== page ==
Afghanistan, also a country of 31 million people, isn’t much better after 12 years of U.S.-led occupation and many more billions of dollars spent and thousands of U.S. and Afghan lives lost.  Are we really in control there after all that?

    Again, the analogies aren’t perfect, I admit. Sure, the U.S., as the world’s leading superpower, can shape, influence, nudge and cajole, in some countries and at some times more than others, and ought to when it makes sense. But sometimes things are beyond our abilities and talents. Egypt is one of those.

    I’d rather have the demonstrators, the secularists, and the military in power in Egypt than the Islamists, for now. But that’s a close call, and it could all change very quickly.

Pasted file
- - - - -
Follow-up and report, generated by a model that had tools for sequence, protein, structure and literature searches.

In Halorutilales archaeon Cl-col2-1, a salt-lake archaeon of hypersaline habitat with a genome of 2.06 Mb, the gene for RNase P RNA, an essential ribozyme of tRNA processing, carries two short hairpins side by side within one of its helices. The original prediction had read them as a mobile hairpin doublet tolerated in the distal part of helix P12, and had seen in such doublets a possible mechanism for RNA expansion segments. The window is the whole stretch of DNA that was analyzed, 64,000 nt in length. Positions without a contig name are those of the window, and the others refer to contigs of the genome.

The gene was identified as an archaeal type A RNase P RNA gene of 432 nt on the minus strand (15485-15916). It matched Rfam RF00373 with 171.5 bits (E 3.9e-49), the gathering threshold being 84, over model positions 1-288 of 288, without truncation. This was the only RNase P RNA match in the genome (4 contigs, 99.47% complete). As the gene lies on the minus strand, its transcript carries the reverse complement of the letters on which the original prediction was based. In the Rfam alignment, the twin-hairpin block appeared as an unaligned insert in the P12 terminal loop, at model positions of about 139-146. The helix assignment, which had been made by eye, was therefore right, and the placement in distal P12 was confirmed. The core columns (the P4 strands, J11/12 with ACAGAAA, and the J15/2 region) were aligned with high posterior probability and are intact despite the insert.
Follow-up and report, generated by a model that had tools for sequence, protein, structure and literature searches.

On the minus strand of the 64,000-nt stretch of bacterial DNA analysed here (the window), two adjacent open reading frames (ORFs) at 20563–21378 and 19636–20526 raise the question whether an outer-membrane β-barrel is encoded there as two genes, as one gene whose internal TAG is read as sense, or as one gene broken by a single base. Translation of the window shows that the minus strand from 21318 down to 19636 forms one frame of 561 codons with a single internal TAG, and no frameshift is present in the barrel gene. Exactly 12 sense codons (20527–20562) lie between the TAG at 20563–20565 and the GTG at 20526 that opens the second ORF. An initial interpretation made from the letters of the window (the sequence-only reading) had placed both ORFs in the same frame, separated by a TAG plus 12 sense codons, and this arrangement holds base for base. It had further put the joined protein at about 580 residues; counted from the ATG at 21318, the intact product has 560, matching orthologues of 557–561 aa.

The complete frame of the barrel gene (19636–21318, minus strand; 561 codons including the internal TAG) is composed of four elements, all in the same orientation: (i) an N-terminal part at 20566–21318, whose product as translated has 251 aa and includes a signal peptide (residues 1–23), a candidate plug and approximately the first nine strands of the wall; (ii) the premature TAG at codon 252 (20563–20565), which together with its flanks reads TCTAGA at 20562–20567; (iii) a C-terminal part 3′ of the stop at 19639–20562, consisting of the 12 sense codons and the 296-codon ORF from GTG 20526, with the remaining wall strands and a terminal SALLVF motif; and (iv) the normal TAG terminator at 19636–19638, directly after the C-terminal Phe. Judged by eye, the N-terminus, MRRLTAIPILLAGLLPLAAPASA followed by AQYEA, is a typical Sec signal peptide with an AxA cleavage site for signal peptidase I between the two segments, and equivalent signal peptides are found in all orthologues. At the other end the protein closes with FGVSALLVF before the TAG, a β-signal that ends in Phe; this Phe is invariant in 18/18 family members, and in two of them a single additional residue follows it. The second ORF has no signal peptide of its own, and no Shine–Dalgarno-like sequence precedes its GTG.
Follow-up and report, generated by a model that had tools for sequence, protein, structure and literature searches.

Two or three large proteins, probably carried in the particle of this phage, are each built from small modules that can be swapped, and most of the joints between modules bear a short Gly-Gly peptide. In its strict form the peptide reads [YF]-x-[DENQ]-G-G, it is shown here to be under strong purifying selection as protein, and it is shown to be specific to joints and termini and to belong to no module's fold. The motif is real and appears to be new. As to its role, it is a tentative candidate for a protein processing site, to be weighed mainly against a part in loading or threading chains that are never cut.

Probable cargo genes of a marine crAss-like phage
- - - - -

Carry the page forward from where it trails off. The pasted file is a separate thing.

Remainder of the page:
Patrick Pexton has been a journalist for three decades. He most recently was editor-in-chief of The Frederick News-Post, a daily newspaper and website serving Maryland's largest county by geography. He has served as the ombudsman for The Washington Post, the deputy editor of National Journal, an editor and reporter at the Military Times, and a local reporter in four states.

    One Response to Egypt’s second revolution; What should Americans think?

    1. Peter Schwartz
      July 27, 2013 at 1:24 am

      “Afghanistan, also a country of 31 million people, isn’t much better after 12 years of U.S.-led occupation and many more billions of dollars spent and thousands of U.S. and Afghan lives lost. Are we really in control there after all that?”

      Why oh why oh why do we keep making the same mistakes over and over again? How many times do we have to learn that we can’t really control events in other countries?